Regular readers who remember my fondness for the great grandaddy of satirical adventure games- Nuclear War, might wonder why it has taken me nearly 3 years to get my hands on the most up-to-date addition to this noble gaming tradition. I have no satisfactory answer to this question. I guess I'll just have to promise to do better next time.
Before going on to to look more closely at the game, I feel compelled to make this disclaimer:
War on Terror: the boardgame is a boardgame satirising 21st century geopolitics. It does not attempt to be a simulation of its subject, and as such bears the same relation to the actual ongoing War on Terror as do the comedy stylings of any edgy standup comedian; that is to say: tangential at best.Thank you for your attention dear readers, I can now return you to your scheduled article.
In the box
Settlers of Catan, with dashes of Nuclear War and Apocalypse: the Game of Nuclear Devestation thrown in for good measure. So there is a map on which all the continents of the world are broken down into countries over which the players - the Empires - will fight the good fight while garnering themselves their own little bloc of oil-rich real estate. The oil is represented by oil tokens randomly distributed across the map; these have numbers which generate oil wealth as do the tokens in Settlers, except that the currency of WoT is cold hard cash.
The playing pieces are colourful (and durable) plastic tokens of 3 kinds; 7 sets, one for each of up to 6 players, and another for the terrorists (in black). These represent (in increasing power in game terms):
- For the Empires:
- For the terrorists:
- 2 sets of action cards- Empire and Terrorist cards, which are the core of the players' actions and finkery (well, there just had to be finkery, didn't there?).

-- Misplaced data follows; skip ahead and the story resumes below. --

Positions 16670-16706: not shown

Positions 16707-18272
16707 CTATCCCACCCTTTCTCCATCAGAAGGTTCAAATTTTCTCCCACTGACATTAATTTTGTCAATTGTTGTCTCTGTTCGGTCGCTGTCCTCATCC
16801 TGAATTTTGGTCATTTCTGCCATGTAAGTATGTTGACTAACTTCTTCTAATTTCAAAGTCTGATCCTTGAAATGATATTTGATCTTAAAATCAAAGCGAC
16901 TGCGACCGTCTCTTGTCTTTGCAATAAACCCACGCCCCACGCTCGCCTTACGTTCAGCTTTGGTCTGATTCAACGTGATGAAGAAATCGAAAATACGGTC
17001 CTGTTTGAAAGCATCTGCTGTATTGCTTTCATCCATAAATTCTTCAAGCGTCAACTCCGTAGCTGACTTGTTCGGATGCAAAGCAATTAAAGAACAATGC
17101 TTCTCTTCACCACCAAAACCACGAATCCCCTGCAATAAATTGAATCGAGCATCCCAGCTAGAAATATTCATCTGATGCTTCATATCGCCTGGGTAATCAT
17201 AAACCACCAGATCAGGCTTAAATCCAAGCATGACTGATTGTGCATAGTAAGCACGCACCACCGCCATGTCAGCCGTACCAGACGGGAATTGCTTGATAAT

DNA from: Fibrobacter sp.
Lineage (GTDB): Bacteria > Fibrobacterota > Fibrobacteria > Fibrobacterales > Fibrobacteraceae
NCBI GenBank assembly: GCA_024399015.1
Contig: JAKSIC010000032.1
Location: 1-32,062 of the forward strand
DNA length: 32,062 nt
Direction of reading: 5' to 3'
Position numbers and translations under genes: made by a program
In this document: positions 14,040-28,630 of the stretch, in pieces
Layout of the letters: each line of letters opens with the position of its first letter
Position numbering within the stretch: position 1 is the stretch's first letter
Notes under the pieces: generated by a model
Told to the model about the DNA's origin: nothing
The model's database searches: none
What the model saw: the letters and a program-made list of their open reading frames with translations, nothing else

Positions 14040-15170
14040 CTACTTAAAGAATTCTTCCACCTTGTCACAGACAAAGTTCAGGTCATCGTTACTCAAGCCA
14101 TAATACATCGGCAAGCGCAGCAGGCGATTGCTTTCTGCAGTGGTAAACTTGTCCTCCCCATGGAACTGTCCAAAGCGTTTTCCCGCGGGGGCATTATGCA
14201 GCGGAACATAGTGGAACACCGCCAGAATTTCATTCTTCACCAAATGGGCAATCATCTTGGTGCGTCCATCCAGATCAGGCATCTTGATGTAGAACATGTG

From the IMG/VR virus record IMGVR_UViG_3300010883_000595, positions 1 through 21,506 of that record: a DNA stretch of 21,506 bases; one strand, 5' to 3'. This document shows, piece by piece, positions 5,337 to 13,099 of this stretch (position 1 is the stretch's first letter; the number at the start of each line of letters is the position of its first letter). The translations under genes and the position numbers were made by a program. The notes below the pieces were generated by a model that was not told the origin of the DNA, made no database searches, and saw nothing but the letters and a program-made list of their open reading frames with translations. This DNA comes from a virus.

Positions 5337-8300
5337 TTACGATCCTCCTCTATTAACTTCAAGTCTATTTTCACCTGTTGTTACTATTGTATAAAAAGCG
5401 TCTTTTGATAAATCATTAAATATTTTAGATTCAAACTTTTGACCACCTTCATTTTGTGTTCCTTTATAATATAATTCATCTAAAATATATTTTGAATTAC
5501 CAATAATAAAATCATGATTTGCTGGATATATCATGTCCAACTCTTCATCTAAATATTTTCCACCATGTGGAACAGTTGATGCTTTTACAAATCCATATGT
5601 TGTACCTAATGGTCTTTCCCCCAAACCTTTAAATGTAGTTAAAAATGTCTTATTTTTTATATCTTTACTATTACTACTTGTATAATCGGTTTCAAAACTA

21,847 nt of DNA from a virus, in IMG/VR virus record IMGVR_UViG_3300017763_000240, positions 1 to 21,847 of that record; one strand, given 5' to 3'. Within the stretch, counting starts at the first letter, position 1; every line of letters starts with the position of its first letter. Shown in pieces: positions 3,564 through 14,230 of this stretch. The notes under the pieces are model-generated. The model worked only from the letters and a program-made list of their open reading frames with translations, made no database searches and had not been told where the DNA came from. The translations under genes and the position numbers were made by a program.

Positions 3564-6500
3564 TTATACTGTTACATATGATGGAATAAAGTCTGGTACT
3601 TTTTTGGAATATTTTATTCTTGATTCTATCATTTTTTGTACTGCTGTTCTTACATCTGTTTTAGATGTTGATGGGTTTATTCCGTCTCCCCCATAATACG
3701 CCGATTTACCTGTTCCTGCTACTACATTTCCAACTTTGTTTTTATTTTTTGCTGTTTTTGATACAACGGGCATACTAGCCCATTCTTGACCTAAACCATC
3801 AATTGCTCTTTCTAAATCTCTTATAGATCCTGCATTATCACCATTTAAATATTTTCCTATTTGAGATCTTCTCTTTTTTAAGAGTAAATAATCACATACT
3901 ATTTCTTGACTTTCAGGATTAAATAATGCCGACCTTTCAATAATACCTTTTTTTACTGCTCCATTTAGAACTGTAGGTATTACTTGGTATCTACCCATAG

- 3 dice:
- 1 Action dice, which determines the players' development opportunities each turn.
- 2d6 to generate those ever-precious oil revenues.
- Cash (Settlers' resources work very nicely, but yer actual filthy lucre is always fun).
- A pad and pencil for sending secret messages.
- Handy reference cards for each player.
- And the already legendary 'Evil' Balaclava which Kent police found so threatening nearly a year ago.
On to the game
So WoT finally appeared on the table last Sunday. I'd skimmed the rules, although I can't claim thoroughly to have read them let alone studied them. Nor had I set the game up the better to familiarise myself with its workings. I think therefore WoT deserves good marks for conceptual simplicity and clarity of rules exposition because the 4 of us were able to get our game up and running with the minimum of fuss.
The aim of the game in WoT is to secure a certain number of Liberation Points. Liberation Points are awarded as follows:
- For control of each continent (similar to Risk, but VP and not extra armies).
- For each city.
- Terrorists (yes, players can turn terrorist- more below):
- For each continent free of Empire developments.
The basic rules of play are admirably straightforward. Each turn comprises the following steps:
- Roll the Action dice to see how many developments you'll be allowed that turn: ie. how many villages to build or villages/towns to upgrade.
- Take your allocation of Empire and/or Terrorist cards: usually 2 of the former, but this can vary.
- Play your turn: buying and selling developments and/or cards; playing cards to wage war, make terrorist attacks and other stuff; bribing and cajoling other players; cackling with manic glee; and so on.
- Roll the 2d6 to see who gets oil revenue that turn.